In order to prevent scraping or cutting of the hands and to provide a smooth surface upon which the hands may rest, the side walls 20, 22 and the front wall 24 are each formed with an overturned beaded portion 28. The beaded portion 28 may vary in size as to the size of the bead, but it is apparent that the purpose which has been mentioned above is to provide a smooth-topped surface for the deflector walls.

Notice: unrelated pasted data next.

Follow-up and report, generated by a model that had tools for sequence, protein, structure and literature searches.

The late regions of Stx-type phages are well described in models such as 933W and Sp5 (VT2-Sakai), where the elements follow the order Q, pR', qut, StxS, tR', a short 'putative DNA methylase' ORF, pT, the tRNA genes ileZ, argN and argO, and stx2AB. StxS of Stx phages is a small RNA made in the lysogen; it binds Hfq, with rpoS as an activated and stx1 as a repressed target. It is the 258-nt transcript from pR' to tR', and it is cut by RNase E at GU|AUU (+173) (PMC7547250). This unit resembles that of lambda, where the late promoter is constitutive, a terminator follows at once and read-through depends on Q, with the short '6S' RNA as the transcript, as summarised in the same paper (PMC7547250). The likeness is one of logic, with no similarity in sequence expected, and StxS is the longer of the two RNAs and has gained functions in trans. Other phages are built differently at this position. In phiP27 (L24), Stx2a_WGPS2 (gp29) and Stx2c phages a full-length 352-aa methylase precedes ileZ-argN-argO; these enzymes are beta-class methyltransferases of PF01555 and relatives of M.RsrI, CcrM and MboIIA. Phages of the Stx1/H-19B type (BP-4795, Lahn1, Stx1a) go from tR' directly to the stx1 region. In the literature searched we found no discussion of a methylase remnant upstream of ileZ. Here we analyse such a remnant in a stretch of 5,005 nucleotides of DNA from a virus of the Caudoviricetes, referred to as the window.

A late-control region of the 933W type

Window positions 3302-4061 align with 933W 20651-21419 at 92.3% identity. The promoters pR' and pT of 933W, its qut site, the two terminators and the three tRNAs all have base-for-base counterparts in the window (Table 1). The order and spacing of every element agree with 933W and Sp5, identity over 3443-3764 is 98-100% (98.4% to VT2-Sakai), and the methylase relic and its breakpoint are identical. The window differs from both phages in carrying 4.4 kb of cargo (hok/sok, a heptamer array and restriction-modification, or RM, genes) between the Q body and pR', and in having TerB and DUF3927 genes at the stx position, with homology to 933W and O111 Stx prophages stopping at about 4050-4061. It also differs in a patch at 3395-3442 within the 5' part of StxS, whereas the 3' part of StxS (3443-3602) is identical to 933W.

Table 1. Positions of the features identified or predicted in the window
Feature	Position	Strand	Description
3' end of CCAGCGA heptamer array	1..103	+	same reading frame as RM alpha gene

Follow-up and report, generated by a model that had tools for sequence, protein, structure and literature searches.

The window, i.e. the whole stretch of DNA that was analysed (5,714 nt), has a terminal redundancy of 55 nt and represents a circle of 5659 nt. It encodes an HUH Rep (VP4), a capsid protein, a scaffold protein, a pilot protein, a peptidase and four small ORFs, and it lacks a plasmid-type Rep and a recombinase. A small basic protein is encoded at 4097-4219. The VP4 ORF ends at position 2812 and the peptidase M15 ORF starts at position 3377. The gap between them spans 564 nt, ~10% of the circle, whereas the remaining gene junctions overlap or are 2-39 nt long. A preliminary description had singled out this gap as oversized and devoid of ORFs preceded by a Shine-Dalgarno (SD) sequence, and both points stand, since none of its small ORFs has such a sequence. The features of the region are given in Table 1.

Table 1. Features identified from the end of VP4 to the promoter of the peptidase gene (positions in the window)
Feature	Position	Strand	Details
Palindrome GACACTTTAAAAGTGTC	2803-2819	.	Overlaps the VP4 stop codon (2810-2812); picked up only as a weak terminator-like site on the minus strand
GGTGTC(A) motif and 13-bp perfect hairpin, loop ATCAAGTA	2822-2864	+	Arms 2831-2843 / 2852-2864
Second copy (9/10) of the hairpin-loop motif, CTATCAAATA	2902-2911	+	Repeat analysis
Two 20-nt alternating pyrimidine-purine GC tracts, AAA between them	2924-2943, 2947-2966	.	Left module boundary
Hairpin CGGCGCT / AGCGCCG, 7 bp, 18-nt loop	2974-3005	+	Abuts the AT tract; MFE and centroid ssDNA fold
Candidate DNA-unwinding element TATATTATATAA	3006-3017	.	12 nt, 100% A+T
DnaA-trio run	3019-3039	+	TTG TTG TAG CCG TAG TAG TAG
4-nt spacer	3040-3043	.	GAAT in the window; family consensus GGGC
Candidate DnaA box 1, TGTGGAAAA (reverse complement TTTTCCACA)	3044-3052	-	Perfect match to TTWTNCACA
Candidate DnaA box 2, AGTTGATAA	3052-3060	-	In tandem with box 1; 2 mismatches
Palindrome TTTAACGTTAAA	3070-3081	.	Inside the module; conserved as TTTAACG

During operation of the hand drier and when the users hands are placed above the deflector, it is apparent that some water may fall into the deflector and unless means are provided for venting the water, the water will accumulate and thereby will be objectionable from a sanitary point of View. In order to prevent any residual water from accumulating in the deflector 14, the curved front and back walls 24 and 26 are turned outwardly at the bottom-most portion thereof to form a slot 30. The slot 30 is thus positioned at the lowermost point in the deflector and any residual water dropped onto the deflector walls will move downwardly by gravity and then be removed by means of the vent 30. A drain (not shown) may be conveniently attached to the lower portion of the deflector for capturing the waste Water vented through the vent 30 and may be removed at intervals for removing the waste water.